The History of Hmong Americans Explains why they Might Decide the Election

tags: Vietnam War, Minnesota, refugees, Southeast Asia, Asian American History, Hmong

Melissa Borja is assistant professor at the University of Michigan. Her book, Follow the New Way: Hmong Refugee Resettlement and the Practice of American Religious Pluralism, will be published by Harvard University Press.

As Election Day nears, all eyes are on the Upper Midwest, where a trio of swing states — Minnesota, Wisconsin and Michigan — are expected to play a pivotal role in determining who wins the presidency. In these states, where the margin of victory in 2016 was merely a few votes per precinct, campaigns fighting for every vote have expanded their outreach to Asian Americans and Pacific Islanders, who represent the fastest-growing racial and ethnic group of eligible voters in the United States.

Although historically overlooked, AAPI voters have been in the spotlight this election season, in part because Sen. Kamala D. Harris, the daughter of Indian and Jamaican immigrants, is the first AAPI candidate on a major ticket as the vice-presidential candidate alongside Democratic presidential nominee Joe Biden. Across the country, campaigns have made energetic efforts to engage AAPI voters. The group Asian Americans Against Trump, for example, has sponsored commercials in Mandarin and Korean in battleground states, and the Biden campaign recently released an ad featuring David Bautista, a Filipino American wrestler and actor.

But political observers would be wise to pay special attention to one AAPI group: Hmong Americans. Despite the relatively modest size of their population — approximately 310,000 as of 2017 — Hmong Americans could have an outsized impact on the outcome of the 2020 election. Their political importance is partly tied to geography. Minnesota, Wisconsin and Michigan are home to approximately 121,000 Hmong Americans, who resettled in the United States as refugees beginning in the 1970s. In Minnesota, where Hmong Americans account for 83,000 voters, President Trump lost in 2016 by less than 45,000 votes.

In Wisconsin, where Hmong Americans account for 51,000 voters, Trump won by 23,000 votes. “We are the state’s margin of victory,” Yee Leng Xiong of the Hmong American Center in Wausau told Wisconsin Public Radio.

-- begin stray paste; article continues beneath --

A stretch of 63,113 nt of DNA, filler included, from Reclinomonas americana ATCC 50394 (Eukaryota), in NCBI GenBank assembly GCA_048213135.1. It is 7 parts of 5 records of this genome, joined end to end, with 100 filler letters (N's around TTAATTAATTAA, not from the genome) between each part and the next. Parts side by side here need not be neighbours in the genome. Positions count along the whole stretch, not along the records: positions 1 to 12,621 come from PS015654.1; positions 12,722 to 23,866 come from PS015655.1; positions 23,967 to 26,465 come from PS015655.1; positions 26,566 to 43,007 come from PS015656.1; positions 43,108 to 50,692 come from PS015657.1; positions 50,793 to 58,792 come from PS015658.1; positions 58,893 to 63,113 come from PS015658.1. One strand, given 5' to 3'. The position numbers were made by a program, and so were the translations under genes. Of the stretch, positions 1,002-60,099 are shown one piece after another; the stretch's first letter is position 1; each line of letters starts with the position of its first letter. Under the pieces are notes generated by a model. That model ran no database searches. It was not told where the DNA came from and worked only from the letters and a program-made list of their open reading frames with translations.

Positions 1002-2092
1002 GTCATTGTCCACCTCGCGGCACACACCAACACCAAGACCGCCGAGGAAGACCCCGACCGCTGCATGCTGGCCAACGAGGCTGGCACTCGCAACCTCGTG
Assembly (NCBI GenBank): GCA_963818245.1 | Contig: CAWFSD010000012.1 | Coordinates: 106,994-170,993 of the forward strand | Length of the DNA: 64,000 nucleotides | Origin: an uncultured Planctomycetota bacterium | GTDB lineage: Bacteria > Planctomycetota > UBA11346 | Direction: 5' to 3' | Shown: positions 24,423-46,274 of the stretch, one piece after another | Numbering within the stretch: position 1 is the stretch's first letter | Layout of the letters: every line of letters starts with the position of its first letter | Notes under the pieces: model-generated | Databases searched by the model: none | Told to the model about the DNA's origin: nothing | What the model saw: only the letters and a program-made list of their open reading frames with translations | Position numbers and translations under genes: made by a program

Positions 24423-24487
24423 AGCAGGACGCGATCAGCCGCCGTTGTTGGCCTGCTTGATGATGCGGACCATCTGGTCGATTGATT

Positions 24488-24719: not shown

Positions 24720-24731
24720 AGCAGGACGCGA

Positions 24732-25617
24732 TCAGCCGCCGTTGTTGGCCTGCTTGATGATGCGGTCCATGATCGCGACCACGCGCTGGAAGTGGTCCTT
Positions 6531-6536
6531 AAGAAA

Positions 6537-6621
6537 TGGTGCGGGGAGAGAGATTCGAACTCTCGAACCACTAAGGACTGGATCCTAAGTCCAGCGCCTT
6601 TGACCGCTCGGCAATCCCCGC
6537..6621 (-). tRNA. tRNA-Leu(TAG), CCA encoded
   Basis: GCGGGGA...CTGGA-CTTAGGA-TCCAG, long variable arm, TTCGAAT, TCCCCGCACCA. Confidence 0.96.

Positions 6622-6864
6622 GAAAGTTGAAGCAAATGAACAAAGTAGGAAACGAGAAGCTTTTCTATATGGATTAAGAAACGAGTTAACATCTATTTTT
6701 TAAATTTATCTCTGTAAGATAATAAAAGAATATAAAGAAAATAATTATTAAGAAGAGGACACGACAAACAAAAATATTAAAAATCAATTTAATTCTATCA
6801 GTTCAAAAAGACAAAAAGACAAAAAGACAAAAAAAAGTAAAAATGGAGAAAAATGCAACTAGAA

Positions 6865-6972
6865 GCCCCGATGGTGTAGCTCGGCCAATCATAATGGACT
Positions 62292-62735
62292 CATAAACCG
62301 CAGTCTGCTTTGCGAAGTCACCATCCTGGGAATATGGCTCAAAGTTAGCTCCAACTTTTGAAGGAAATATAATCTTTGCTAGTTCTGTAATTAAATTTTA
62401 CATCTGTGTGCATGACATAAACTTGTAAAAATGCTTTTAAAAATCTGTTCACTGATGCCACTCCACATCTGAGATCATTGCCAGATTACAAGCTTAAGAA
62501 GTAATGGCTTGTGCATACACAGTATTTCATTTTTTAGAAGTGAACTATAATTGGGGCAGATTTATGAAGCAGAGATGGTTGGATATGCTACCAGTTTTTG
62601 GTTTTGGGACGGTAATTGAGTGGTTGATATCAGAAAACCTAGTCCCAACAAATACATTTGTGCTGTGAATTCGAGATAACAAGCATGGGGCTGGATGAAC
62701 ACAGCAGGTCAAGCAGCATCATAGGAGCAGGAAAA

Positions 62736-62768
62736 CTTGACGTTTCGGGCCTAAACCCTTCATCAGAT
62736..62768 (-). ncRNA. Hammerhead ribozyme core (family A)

Just as important is the fact that Hmong Americans are particularly active in politics. As the political scientist Carolyn Wong argued in “Voting Together,” Hmong Americans today participate in politics at higher levels than other Asian ethnic groups in the United States. According to the 2012 National Asian American and Pacific Islander Post-Election Survey, 89 percent of Hmong Americans turned out to vote in 2012 and surpassed the rate of almost every other AAPI group. As a result, Hmong American voters are an underappreciated political powerhouse who have long shaped elections in Minnesota and Wisconsin and could now wield influence on a national scale.

A wave of Hmong refugees arrived in the United States in 1976, after fighting as U.S. allies during “the Secret War” in Laos. They were part of approximately one million Southeast Asian refugees who were resettled in the United States throughout the last quarter of the 20th century following its war in Vietnam and southeast Asia.

But refugee resettlement was unpopular with the American public. A May 1975 national Gallup poll found that only 36 percent of Americans surveyed favored the resettlement of Southeast Asian refugees; 54 percent opposed it. The Southeast Asian refugee crisis occurred at a moment when the country was contending with a sluggish economy and an array of social and political troubles, which intensified public wariness of refugees. Government officials organizing Southeast Asian refugee resettlement thus faced the unenviable task of undertaking a project that the majority of Americans did not support.

Eager to prevent public backlash, resettlement officials centered their plans on a basic goal: to minimize the impact that Southeast Asian refugees might have on the communities where they were resettled. As Rep. Hamilton Fish put it during congressional hearings in May 1975, their strategy was to ensure that Southeast Asian refugees “would not be very noticeable.”

To this end, the federal government pursued a policy of dispersal. By scattering Southeast Asian refugees across the country, resettlement planners aimed to promote cultural assimilation, prevent the formation of ethnic enclaves and distribute refugees evenly so that the cost of resettling refugees would be fairly shared. As a result of the dispersal policy, Hmong refugees were initially resettled in a variety of places, especially across the Midwest — and not just in states like California and New York that were historically the most popular destinations for newly arrived migrants.

Read entire article at Made by History at The Washington Post

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